The ending: Gabriel's last day of kindergarten was today!! The classroom was open for 20 minutes before the end, so parents could come and see the room and hang out. I was late, and I felt SO bad that Gabriel was waiting outside his classroom for me, looking around anxiously. But I did get some time there, and he showed me where he sat, and his cubby. My tough little cookie.
Gabriel and his teacher, and outside his classroom.
Gabriel and his best friend, Parth.
Gabriel and Parth talk a lot apparently -- Parth's father knew all about our move and remodel!! Parth is a really nice kid, talkative in an engaging way that reminds me a lot of Julian.
I took the day off work for Gabriel's last day of school, but also for another reason. It's always a dilemma for bloggers whether or not to write about the tough stuff, but out of respect I haven't written about what's going on with my Dad. But now there's no chance he'll read about it in my blog. Most of you know about it anyway.
The beginning: My sister and brother, bless their hearts, moved our father in to a very nice private facility in Pittsfield, MA today. We'd hoped to move him to traditional assisted living, but he didn't qualify, and so he went into the secure dementia facility. He's mid-stage Alzheimer's (never officially diagnosed but all signs point there), and while he's better off than most of the patients in the dementia facility, he's not nearly self-sufficient enough anymore for traditional assisted living.
We've been helping him live at home, alone in upstate rural NY for a year now after he lost his driver's license (another traumatic event for him and us), but the isolation has really taken its toll. Now my father is surrounded by very, very caring and nice people who are experts in handling dementia patients, and he'll have everything he needs. Except his mind.
The history of Alzheimer's on my Dad's side is strong and frightening. His mother died of it in her early 60s, as well as a grandmother and an aunt. In 2000, my sister and brother and I talked amongst ourselves with great concern about my father's increasing memory struggles. He was only 68, and probably could have been diagnosed, if he were willing, before then. This history, and my own occasional blankouts (which way do you turn a key? though that's probably more migraine-related) don't bode well for me.
But I'm sure as heck not going to make my demise as difficult on my children as my Dad did on me and my sister and brother. Think it's noble to tell your kids to just let you die or take out out to a field and shoot you before ever putting you in a nursing home? It's not. It's incredibly selfish and causes no end of stress and guilt for your children, who absolutely are not going to shoot you and absolutely are going to have to move you at some point. Alas, but I can't hold Dad accountable for any of the old sh*t that goes on in families anymore.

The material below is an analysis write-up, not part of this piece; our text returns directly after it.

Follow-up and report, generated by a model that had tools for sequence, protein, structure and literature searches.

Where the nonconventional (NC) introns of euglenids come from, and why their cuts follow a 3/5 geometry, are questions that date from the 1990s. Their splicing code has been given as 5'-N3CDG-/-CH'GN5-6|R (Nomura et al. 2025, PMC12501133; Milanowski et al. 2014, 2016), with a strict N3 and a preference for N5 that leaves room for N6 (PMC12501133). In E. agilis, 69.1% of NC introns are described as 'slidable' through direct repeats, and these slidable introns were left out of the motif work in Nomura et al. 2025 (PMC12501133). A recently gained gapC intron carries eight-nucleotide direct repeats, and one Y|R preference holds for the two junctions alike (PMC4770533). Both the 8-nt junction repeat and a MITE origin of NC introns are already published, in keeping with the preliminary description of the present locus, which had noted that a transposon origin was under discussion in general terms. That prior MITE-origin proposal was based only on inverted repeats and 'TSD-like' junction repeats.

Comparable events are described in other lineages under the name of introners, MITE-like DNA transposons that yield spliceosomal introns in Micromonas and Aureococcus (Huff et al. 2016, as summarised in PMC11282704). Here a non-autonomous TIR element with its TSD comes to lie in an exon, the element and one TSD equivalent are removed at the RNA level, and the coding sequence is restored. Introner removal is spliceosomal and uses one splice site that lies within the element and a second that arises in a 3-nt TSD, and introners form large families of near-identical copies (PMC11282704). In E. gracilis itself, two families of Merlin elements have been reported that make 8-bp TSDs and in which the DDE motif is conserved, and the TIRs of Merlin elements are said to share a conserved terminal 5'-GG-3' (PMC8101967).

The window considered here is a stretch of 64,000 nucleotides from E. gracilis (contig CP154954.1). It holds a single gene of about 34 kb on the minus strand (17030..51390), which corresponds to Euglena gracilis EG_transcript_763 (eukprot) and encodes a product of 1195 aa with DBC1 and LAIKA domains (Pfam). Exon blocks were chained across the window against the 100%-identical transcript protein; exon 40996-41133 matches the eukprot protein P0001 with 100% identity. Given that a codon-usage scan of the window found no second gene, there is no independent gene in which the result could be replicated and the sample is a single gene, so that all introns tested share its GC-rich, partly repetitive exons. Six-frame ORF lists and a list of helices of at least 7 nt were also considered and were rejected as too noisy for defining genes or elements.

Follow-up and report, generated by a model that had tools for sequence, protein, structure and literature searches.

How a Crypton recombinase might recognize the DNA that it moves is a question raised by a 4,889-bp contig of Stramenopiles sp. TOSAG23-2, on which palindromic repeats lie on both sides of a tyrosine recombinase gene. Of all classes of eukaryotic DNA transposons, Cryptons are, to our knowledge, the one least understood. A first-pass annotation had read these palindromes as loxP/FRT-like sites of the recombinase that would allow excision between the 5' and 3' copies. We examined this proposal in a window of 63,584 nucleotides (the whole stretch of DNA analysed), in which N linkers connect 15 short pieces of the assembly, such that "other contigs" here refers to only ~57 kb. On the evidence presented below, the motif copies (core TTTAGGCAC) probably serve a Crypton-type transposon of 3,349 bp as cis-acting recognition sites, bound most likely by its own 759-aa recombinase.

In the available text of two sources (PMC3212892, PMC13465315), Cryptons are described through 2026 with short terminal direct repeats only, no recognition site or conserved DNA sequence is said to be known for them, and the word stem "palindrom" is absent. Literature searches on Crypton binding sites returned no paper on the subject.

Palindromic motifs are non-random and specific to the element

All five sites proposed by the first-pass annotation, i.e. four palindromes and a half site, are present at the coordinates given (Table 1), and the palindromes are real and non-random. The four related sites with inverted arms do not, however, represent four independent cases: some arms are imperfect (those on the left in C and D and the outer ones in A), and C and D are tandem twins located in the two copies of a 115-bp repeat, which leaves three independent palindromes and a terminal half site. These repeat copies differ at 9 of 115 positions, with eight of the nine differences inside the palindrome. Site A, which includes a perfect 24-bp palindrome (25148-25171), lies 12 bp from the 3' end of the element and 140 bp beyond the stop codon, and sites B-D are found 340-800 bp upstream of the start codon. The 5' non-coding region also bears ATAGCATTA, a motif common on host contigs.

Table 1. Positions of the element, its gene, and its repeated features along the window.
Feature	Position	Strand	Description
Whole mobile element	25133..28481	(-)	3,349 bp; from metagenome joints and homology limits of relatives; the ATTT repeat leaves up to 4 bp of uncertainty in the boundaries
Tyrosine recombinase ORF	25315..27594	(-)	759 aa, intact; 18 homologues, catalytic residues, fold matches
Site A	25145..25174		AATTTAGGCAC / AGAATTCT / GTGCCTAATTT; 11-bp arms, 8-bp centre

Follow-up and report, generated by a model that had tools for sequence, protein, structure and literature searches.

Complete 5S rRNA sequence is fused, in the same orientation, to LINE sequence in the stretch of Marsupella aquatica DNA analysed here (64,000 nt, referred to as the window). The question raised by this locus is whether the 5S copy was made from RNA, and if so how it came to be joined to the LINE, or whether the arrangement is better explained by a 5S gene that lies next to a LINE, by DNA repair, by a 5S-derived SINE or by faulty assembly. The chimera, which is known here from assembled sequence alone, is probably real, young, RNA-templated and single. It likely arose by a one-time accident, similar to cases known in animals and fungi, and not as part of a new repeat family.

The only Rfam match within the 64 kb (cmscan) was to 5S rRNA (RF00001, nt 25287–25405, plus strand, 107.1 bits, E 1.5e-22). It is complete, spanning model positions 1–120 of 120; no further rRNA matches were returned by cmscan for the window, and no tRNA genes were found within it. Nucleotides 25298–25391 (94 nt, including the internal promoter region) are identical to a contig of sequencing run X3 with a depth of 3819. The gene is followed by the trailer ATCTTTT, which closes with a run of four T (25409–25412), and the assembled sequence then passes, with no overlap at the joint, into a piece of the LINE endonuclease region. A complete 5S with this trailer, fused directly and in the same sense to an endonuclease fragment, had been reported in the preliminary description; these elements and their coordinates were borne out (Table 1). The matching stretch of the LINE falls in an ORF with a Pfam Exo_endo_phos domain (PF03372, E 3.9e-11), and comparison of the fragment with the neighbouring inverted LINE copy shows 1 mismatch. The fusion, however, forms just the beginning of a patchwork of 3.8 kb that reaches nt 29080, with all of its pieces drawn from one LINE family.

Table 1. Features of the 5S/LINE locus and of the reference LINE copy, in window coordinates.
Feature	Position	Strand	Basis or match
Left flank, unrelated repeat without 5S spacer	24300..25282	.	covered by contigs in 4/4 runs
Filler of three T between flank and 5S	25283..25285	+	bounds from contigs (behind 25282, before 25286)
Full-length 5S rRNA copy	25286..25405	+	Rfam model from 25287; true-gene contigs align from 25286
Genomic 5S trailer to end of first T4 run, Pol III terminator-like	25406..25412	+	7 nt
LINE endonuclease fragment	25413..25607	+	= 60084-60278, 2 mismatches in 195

Fortunately, today he went willingly because he's very excited about the "brain fitness program." He really, really wants to get his memory back, and his focus on that since he's learned about "the program" has given him new spark. He believes he's there for the program, and when he gets better, he'll move back home. It's tricky at his level of understanding; there's no point in arguing with him that no, this is permanent, you're moving. And he's right -- if he gets his memory back, he will move home. He's physically very able. He's only 75. He'll likely ask at some point when he's going home, but the staff there are experts at dealing with dementia patints and know how to handle it.
A child-free friend once said to me, "You're not really a grownup until you have
kids, right?" and I found myself answering, "No, you're not really a grownup
until you're taking care of your parents." Kids make you a kid, babies make you...well, jello, but aging parents -- that's the real grownup stuff.
My house is in a-shambles (both of them). The city wants to charge us a fee for having more bedrooms than they have in their records. We still don't have our building permits. My father is starting the best new step possible in his life, but there is no good path from here for him. A few days without a migraine is rare.
And people think raising three kids is stressful?
Kids keep everything rooted, normal, moving along. They make me stop and trim fingernails, try on new summer shorts, sign up for day camps, read stories, talk about Legos, play tickle-chase with a guffawing toddler. They make me be a mom, a person that they need and love no matter what else is going on in my life. They're filled with joy and hope and optimism and want nothing more than to play and be happy. They can be annoying -- very annoying -- but not truly stressful.
I think I'll go give my new first-grader a hug and then go get the rest of them now.